Be that as it may, Kim Jong Un’s life is dominated by fear. Like the villains in Shakespearean plays, his hands are stained with blood and his mind is hostage to never ending intrigues and real, and imagined threats to his personal safety. He might be capable, even brilliant, but these circumstances make him into a political pariah. Thus, doomed to oscillate between being a despot and equally being a fearful human being, he is a lying, conniving, intriguing individual, who cannot be trusted. Even if Kim Jong Un can be convinced to give up his nuclear arsenal for economic prosperity, the task might prove to be too much for his intellect and limited experience. If the process of transformation will appear to get out of his control, he might reverse his policies abruptly and completely. His extermination of his half brother, his ruthless murder of his uncle and aunt, and his treatment of his subjects point to a character possessed by violent mood fluctuations and unpredictable impulses. Presently, he is a pilot without the proper compass.

Regardless of all these negatives, the objective is to make permanent peace between the two Koreas by denuclearizing the Kim regime. Such a permanent peace can only be achieved by defining principles that will be accepted by all parties involved, and which cannot be violated by either in the foreseeable future. These principles are: legitimacy, political and economic freedom, and prohibition of using force against each other. Furthermore, these principles must be defined in a way that they could not be destroyed by illegitimate applications and be transformed into giant hoaxes. At the minimum, Kim Jong Un must accept that his government must exist for the benefit of his people. Rejecting this core principle by him will prove that his regime is not serious about building lasting peace in the Korean peninsula.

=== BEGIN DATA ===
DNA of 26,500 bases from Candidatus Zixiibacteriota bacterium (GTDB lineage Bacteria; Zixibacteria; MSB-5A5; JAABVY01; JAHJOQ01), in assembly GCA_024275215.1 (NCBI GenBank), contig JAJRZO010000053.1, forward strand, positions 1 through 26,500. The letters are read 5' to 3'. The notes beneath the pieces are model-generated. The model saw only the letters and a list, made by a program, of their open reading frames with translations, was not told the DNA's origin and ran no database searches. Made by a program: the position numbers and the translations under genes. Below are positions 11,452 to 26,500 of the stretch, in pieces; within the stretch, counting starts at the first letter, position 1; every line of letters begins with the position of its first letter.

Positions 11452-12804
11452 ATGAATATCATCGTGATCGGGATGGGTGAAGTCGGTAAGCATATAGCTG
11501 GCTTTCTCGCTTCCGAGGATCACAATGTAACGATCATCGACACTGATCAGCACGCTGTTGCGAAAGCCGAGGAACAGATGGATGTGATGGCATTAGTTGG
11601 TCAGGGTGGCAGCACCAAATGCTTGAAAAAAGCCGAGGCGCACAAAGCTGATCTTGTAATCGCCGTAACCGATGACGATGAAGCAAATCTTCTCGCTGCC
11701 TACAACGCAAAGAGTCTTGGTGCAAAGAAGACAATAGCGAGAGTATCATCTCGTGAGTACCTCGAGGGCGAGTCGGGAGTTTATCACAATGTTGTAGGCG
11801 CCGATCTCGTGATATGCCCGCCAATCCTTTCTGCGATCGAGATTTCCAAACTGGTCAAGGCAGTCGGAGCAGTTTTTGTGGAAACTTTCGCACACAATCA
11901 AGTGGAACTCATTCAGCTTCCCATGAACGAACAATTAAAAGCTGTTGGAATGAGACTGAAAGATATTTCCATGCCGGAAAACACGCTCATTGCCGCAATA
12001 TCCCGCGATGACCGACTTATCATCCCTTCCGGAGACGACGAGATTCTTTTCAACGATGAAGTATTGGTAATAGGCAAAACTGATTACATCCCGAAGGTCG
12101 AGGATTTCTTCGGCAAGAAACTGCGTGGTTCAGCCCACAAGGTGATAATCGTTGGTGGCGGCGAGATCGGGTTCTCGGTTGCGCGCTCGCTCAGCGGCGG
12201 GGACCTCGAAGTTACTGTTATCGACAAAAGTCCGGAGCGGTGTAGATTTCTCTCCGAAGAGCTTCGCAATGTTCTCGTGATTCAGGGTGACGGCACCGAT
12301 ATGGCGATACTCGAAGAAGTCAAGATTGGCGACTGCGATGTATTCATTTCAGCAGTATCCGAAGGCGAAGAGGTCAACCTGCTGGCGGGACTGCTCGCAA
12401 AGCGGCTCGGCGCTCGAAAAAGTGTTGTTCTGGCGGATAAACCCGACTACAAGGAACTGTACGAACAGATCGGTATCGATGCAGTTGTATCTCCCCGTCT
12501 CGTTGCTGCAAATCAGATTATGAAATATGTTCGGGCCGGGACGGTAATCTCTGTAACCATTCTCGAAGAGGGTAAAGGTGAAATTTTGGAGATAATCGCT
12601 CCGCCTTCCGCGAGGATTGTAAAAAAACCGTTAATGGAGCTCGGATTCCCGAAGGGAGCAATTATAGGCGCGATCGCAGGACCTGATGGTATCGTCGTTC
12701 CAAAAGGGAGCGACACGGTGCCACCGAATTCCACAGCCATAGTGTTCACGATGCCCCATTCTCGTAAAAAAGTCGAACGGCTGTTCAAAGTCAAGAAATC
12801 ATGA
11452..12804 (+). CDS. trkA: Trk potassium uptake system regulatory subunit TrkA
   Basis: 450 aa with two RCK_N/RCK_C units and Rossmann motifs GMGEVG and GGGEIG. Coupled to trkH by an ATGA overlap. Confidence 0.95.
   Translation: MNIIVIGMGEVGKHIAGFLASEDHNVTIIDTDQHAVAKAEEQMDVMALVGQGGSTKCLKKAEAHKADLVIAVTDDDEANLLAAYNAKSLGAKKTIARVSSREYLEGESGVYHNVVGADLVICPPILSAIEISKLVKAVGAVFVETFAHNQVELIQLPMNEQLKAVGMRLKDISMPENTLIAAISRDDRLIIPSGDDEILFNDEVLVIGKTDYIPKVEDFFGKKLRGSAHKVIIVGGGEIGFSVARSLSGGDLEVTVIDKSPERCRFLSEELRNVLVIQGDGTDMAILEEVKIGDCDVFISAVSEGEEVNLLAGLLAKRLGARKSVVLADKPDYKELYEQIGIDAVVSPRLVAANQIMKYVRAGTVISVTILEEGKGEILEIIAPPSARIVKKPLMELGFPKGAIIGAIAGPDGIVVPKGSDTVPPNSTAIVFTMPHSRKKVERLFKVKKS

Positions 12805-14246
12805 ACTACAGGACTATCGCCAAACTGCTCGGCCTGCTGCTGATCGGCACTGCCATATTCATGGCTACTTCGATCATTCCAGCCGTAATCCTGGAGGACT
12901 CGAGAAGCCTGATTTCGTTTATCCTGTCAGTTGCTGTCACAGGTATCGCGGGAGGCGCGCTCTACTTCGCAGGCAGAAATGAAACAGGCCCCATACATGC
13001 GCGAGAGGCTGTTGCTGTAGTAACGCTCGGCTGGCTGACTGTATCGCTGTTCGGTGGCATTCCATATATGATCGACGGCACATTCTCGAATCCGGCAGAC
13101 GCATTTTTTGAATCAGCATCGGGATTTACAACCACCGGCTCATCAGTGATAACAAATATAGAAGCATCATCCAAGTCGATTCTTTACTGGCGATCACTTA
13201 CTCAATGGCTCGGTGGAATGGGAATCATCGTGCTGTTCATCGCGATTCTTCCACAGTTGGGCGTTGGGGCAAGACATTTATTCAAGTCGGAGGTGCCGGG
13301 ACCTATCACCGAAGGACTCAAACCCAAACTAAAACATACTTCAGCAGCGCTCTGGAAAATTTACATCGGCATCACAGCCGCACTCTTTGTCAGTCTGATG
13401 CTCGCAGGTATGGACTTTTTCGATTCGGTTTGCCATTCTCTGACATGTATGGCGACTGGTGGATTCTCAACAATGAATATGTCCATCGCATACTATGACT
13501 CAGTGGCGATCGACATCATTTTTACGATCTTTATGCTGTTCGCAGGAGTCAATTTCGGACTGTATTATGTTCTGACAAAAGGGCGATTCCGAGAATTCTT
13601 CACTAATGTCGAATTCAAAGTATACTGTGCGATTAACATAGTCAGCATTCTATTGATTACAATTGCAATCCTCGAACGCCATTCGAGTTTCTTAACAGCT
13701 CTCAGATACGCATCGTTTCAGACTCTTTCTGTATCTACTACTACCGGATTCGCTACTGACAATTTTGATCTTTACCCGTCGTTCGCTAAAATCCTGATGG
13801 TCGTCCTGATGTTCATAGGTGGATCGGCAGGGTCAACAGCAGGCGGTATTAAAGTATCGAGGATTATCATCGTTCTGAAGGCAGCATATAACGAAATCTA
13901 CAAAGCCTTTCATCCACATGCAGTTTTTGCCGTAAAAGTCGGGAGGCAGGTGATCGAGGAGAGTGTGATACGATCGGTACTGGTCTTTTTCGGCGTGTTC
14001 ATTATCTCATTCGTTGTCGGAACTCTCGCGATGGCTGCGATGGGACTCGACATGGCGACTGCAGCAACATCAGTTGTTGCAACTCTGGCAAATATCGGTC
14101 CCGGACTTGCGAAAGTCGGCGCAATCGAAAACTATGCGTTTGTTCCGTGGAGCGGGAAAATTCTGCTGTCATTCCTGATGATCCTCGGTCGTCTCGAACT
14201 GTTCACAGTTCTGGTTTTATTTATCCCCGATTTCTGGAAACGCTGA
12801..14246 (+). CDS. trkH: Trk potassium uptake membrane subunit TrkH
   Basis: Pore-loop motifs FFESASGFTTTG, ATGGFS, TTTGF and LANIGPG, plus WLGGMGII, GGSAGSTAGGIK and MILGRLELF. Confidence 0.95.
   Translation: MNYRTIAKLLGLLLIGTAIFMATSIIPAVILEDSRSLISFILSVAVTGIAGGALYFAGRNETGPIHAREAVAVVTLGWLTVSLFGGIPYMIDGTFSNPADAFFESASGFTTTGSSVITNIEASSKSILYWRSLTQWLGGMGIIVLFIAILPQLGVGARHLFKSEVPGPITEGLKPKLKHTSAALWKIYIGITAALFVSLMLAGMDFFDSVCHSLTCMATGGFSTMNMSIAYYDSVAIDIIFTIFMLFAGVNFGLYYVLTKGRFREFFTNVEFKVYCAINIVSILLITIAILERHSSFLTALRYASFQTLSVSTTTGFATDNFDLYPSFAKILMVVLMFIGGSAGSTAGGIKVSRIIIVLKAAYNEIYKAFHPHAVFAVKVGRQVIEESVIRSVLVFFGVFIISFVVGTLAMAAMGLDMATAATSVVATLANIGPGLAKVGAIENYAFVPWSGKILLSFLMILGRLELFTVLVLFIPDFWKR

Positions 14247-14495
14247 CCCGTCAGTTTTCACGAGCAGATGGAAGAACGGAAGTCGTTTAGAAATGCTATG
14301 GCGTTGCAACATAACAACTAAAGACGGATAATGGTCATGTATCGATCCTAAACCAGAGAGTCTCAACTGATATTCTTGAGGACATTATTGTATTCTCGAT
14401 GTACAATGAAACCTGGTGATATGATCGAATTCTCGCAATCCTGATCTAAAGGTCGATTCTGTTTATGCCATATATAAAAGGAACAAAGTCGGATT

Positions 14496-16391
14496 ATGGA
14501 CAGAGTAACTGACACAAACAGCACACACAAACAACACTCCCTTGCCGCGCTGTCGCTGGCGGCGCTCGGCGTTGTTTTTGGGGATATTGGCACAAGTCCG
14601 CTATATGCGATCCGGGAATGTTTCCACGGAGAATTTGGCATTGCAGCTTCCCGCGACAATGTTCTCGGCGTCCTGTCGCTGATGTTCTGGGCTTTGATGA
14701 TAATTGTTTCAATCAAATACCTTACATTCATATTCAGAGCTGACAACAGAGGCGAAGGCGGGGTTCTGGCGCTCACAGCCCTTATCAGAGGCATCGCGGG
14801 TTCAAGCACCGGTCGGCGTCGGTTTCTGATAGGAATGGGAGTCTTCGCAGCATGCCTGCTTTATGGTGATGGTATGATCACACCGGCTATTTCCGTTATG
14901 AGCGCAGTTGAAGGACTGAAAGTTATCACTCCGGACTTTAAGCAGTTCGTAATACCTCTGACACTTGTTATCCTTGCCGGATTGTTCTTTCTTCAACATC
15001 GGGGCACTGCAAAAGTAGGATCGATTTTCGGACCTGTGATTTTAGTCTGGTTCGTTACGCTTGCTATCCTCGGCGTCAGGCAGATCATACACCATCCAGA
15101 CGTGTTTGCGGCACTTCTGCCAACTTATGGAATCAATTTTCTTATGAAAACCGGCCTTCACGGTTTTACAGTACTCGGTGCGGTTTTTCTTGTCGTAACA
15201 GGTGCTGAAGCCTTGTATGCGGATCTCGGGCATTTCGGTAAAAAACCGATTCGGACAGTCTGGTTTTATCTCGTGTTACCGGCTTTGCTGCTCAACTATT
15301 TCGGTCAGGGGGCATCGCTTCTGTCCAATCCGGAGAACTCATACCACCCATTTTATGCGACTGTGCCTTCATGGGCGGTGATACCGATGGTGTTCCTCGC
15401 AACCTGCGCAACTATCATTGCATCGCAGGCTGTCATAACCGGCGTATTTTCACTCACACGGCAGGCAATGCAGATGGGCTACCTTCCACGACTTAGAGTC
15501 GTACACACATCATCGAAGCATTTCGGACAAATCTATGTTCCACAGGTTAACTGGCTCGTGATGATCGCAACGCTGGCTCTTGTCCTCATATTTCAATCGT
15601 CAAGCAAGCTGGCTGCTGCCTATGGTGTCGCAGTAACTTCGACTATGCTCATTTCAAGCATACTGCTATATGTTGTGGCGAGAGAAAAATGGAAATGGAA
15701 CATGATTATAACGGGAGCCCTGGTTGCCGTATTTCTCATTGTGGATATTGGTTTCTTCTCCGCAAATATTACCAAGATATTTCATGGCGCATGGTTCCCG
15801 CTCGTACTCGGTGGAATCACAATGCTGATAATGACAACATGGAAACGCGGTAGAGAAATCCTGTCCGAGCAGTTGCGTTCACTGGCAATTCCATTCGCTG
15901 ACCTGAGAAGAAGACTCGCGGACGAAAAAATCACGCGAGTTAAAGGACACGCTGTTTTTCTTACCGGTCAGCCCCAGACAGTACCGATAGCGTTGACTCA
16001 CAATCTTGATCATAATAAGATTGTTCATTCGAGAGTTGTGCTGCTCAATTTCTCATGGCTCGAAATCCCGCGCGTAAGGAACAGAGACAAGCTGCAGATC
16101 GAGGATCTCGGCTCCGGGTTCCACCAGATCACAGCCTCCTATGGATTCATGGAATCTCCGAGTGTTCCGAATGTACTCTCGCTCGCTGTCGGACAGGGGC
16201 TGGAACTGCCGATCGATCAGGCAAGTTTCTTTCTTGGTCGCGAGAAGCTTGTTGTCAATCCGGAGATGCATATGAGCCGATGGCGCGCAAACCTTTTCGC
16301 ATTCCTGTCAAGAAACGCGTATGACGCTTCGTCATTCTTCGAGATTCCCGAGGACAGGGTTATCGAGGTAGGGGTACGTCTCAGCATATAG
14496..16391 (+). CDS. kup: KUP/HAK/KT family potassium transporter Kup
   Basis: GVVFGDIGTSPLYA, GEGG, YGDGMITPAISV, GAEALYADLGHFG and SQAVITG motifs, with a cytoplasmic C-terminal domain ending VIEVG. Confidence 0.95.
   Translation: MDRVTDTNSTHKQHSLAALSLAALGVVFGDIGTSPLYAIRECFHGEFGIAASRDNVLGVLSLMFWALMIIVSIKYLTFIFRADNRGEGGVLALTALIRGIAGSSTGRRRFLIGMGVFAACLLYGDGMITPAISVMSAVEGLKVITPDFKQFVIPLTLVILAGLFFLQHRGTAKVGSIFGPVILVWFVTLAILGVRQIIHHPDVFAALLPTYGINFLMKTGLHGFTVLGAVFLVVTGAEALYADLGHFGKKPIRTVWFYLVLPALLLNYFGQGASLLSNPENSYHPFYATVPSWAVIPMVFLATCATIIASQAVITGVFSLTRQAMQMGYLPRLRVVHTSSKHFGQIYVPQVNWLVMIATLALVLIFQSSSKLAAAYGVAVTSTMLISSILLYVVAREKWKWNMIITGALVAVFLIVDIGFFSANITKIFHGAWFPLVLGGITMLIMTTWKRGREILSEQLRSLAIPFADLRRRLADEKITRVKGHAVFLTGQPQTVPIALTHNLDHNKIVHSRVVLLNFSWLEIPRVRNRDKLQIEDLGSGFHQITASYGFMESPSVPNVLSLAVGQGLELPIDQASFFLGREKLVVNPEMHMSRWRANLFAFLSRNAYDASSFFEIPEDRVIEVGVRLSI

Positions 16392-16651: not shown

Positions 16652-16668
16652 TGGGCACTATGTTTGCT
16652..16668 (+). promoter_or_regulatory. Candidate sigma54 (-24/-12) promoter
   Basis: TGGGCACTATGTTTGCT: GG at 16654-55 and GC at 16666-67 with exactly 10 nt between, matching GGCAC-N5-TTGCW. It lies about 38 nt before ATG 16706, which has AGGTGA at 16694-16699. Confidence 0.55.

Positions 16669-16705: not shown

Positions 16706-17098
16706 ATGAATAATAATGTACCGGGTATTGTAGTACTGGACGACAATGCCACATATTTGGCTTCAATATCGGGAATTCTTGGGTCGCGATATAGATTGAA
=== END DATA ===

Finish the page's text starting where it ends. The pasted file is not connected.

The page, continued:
In conclusion, President Trump did the right thing by walking away from the Summit. He is also correct by counseling patience. Time will erode Kim’s despotism in North Korea. Meanwhile, the United States of America must be vigilant and hold firm to the principles of democracy.